My Grandad’s Poetry 5 – Great Budworth Church

Typing up this particular poem has been an interesting journey for me. The titular church has close ties to my family, my parents were married there, as were my brother and his wife back in 2011. My grandad himself, the author of these very poems, lies at rest in its churchyard now, his ashes alongside those of his mother and father in law. His funeral was well turned out and actually brought the little village of Great Budworth to a grinding halt as traffic was forced to wait for the funeral procession to do its thing.

So I guess you could say that Budworth church has sentimental value for me and will have even more come July of this year, when I myself will be getting married there!

Anyway, here is the poem, as always I hope you all enjoy it.


Great Budworth Church

Sandstone blocks on the top of the hill

Old wooden beams showing their length

Beautiful windows that colours do fill

Stout oak doors boasting their strength.


Stately old tower shelters the bells

Lively weathercock pointing his way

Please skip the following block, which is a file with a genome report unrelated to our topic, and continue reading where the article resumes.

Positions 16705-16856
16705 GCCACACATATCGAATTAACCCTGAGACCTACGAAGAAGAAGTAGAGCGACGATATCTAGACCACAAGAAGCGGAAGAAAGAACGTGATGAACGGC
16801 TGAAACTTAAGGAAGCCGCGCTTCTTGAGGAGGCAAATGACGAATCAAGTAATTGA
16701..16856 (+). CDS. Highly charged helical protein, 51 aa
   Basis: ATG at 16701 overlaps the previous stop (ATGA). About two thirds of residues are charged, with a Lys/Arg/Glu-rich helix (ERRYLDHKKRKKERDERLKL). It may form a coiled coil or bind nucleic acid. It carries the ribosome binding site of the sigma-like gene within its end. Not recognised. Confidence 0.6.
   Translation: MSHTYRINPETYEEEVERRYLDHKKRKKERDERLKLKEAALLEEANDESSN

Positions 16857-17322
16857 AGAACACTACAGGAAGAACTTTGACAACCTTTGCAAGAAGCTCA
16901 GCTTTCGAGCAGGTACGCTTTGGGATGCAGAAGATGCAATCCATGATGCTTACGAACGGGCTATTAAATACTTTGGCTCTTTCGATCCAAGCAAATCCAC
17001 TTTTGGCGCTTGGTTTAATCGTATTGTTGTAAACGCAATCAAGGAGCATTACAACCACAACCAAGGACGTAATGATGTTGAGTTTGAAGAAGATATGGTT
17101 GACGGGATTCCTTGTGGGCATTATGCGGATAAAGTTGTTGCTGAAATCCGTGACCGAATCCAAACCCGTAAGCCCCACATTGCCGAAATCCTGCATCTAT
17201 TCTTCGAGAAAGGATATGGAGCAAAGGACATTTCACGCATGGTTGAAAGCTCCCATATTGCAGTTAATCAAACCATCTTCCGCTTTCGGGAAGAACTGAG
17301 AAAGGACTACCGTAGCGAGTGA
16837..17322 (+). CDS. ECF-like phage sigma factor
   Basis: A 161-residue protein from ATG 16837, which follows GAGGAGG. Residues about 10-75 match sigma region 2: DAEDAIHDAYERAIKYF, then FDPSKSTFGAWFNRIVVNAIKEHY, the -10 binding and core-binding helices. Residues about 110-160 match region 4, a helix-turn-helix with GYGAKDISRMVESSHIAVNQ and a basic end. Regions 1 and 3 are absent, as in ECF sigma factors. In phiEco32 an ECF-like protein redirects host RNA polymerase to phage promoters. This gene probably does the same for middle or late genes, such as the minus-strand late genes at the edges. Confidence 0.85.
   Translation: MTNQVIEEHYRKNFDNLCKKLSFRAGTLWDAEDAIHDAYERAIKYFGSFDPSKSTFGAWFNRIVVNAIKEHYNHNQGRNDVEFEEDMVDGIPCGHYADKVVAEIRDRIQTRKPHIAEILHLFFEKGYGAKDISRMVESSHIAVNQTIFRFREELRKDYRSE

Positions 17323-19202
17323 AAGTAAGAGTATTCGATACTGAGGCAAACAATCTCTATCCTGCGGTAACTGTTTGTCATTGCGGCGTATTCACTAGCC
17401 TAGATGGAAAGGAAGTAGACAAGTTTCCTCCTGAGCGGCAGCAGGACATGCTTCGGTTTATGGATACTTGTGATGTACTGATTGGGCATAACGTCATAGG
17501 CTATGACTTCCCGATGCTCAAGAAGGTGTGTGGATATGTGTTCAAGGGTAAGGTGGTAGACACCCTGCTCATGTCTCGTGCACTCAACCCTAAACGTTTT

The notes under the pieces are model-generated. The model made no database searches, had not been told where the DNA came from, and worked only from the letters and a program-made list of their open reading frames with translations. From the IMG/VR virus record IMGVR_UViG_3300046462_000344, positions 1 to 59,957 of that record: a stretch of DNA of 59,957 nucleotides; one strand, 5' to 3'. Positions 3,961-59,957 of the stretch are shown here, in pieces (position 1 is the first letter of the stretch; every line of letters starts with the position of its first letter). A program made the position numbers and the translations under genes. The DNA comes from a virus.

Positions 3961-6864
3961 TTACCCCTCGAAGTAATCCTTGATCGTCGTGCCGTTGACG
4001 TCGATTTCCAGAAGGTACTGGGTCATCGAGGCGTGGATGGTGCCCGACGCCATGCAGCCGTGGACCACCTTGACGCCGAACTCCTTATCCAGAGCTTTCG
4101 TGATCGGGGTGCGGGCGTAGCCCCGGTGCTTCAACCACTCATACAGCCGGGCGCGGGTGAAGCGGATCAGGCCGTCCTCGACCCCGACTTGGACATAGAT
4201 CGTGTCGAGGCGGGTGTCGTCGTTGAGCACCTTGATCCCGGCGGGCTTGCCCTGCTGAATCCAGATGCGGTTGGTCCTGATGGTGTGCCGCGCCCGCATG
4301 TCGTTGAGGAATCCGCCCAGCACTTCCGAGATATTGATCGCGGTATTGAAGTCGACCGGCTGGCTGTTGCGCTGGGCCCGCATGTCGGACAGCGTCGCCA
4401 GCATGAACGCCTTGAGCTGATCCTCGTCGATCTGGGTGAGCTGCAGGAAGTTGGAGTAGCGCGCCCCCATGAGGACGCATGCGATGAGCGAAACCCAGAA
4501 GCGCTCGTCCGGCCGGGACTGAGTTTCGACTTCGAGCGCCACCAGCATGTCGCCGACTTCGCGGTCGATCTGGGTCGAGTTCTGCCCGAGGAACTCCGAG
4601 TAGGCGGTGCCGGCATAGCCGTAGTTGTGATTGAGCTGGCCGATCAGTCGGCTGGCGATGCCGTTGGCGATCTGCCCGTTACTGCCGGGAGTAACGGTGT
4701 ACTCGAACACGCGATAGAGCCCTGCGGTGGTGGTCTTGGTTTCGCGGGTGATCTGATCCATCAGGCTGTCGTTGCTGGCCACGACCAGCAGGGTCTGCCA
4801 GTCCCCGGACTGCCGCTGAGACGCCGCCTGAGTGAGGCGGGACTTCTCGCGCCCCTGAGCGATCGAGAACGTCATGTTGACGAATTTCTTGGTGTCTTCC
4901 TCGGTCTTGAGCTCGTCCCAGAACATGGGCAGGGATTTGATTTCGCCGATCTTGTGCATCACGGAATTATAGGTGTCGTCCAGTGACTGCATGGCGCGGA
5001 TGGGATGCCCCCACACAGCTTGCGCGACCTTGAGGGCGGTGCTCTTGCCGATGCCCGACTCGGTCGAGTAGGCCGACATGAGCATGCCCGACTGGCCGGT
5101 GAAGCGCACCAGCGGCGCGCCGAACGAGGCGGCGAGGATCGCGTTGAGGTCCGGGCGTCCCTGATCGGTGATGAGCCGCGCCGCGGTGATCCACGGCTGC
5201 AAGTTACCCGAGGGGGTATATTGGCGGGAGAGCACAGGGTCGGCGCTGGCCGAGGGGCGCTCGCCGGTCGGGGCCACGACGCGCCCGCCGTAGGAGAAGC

Looks on the houses where honest folk dwell

Makes no noise when they kneel and pray.


Look over the pastures and over the mere

Watch gulls flying, below in the sun

Rabbits and hares play without any fear

Of that stealthy shadow loading his gun.


Down to the wood pews all notched and worn

Organ pipes staring down, watching us all

Thinking of old times, of large congregations drawn,

By the sound of the bells ringing their call.


Eyes to the churchyard, granite and stone

Dark, handsome lych-gate shows us the way

Walk down the old path, see scythe and hone

Cut and then sharpen, as long grass they flay.


St Mary’s and All Saints, called by its name

Old village church with stocks on its wall

A reminder of old times, of hardship and pain

When God was respected and worshipped by all.


If on a weekday, your visit be

Then the flash of a spade you may see

And the steady rhythm, of its blade on soil

As the digger moves and his muscles coil.


What man is this, who works alone

Among the stones and wood and bone

Who sinks his shafts in Budworth clay,

For someone’s life that ends its day.


I’ll tell you of the man who diggeth there

A who’ll pray and curse and swear.

A normal chap who lives a good life

And works hard to keep his honest wife.


Read on, read on, the following verse

Before the mourners follow the funeral hearse.

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